It started as a simple idea: Create legislation allowing restaurants to deliver wine and beer with food orders, particularly during the coronavirus pandemic.

It became part of a larger effort — what several lawmakers called a “herculean” task — to modify the state’s liquor license laws, which last underwent a major change in 1981.

Following three hours of debate Tuesday, the House of Representatives voted 41-27 in favor of an amended version of House Bill 255, a sweeping reform bill designed to allow potential restaurateurs to purchase a license at an affordable rate to serve spirits with dinner. The bill, which also allows alcohol deliveries with food, now goes to the Senate for consideration.

The bill had bipartisan support — it is sponsored by two Democrats and two Republicans — and bipartisan opposition.

HB 255 would allow restaurants to buy annual liquor licenses for somewhere between $2,500 and $10,000, depending on the size of the business.

In the past, such a license would have cost an average of $350,000 — compared to about $1,150 annually for a license to sell beer and wine. Unlike beer and wine licenses, the state has a limited number of liquor licenses that can be sold and leased. Annual state renewal fees range from $300 to more than $10,000, depending on the volume of sales.

The new legislation would give longtime restaurant liquor license holders an annual tax break of $50,000 for four years. Retail license holders would get a $25,000 tax break for four years.

In addition, thanks to an amendment introduced by Rep. Jim Townsend, R-Artesia, any business owner who purchased a license before June 30 of this year would no longer have to pay license renewal fees.

Over 710 restaurants in the state have a license to serve liquor.

Supporters said the legislation would eventually do away with a decades-old system in which people who paid hundreds of thousands of dollars for liquor licenses years ago hold a monopoly on the bar and restaurant business because newcomers can’t afford to buy in — especially because the state’s limited supply of licenses has led to steep increases in their value.

Critics say the measure unfairly hurts those longtime businesses, many of which are mom and pops.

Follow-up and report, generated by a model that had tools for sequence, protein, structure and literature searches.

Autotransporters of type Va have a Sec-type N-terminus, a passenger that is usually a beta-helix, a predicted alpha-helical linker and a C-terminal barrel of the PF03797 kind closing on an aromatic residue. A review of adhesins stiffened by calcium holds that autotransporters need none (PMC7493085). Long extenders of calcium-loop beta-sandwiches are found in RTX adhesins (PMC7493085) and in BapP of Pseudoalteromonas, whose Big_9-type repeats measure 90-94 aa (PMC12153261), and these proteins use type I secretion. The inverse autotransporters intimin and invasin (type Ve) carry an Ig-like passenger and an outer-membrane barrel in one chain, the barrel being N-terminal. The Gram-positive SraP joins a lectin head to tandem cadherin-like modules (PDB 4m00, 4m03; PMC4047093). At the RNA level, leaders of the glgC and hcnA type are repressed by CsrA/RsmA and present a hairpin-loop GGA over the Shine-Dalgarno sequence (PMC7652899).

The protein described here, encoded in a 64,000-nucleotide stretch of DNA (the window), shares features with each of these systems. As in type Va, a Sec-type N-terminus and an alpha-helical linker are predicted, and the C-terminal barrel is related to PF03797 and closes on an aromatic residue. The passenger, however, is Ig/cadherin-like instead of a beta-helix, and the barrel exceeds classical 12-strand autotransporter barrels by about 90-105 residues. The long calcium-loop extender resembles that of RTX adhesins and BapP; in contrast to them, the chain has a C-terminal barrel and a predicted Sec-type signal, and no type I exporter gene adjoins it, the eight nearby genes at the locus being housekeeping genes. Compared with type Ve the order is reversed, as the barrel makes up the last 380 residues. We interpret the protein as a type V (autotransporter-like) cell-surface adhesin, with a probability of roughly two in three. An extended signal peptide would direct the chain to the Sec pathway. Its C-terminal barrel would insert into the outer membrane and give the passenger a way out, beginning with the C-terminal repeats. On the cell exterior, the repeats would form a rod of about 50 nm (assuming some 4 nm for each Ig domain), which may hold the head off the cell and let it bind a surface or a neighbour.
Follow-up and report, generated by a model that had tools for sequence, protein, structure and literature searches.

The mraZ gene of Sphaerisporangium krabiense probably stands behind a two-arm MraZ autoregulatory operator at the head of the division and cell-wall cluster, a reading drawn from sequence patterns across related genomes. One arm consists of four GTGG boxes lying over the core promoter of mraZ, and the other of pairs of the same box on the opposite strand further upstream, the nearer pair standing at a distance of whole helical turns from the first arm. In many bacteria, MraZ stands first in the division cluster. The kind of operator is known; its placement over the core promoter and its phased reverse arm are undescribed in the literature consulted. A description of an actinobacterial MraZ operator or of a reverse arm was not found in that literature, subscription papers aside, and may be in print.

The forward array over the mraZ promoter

Rep. Moe Maestas, D-Albuquerque, one of the bill’s sponsors, said the argument has always been “the crux of the problem.”

“This argument has prohibited us from opening up this market for 39 years,” he said.

The idea, he said, is to open up the industry to newcomers who would bolster the state’s tourism and hospitality economy while building up family-owned businesses.

“This will save our restaurant industry, boost our tourism industry and enhance our hospitality industry and get our economy going as soon as possible,” Maestas said.

To help pay for the tax breaks, consumers would pay an extra 2 percent tax for alcohol purchases.

Several lawmakers spoke about concerns they have heard from current liquor license owners in their districts.

“These folks are petrified,” said Rep. James Strickler, R-Farmington. He cited a restaurant owner in his town who recently purchased a high-priced liquor license.

“Talk about bad timing,” Strickler said. “He’s on the hook.”

Others, including Rep. Gail Armstrong, R-Magdalena, said the measure’s timing is poor because so many restaurants have been partially or fully closed for nearly a year as the COVID-19 crisis continues.

“I understand that you are trying to fix something, but I’m a little concerned that at this point in time, when most restaurants are not open more than 25 percent [capacity] — if open at all — how this is going to work and why do you think it would create economic development?” she asked Maestas.

Rep. Rebecca Dow, R-Truth or Consequences, agreed and told Maestas she doesn’t think the 2 percent consumer tax is a good idea at this time. Townsend also questioned that provision.

Some lawmakers said the $200,000 tax break was too good of a deal. Others said it does not go far enough.

Maestas said those who own liquor licenses may still benefit from selling them. The state will review the effect of the measure on license values, he added. “We’re all committed to doing that.”

Dozens of liquor license owners voiced opposition to the bill during a committee hearing earlier this year. Almost no one spoke in favor of it at that time.

Carol Wight, CEO of the New Mexico Restaurant Association, wrote in an email Tuesday her association had not yet taken a stance on the bill.

One issue that was addressed only briefly during Tuesday’s debate was the state’s problem with drunken driving. New Mexico has long ranked near the top of national lists for the number of DWI arrests. Based on data compiled by the DWI Research Center in Albuquerque, Santa Fe had 194 DWI-related crashes in 2019, the most recent data available.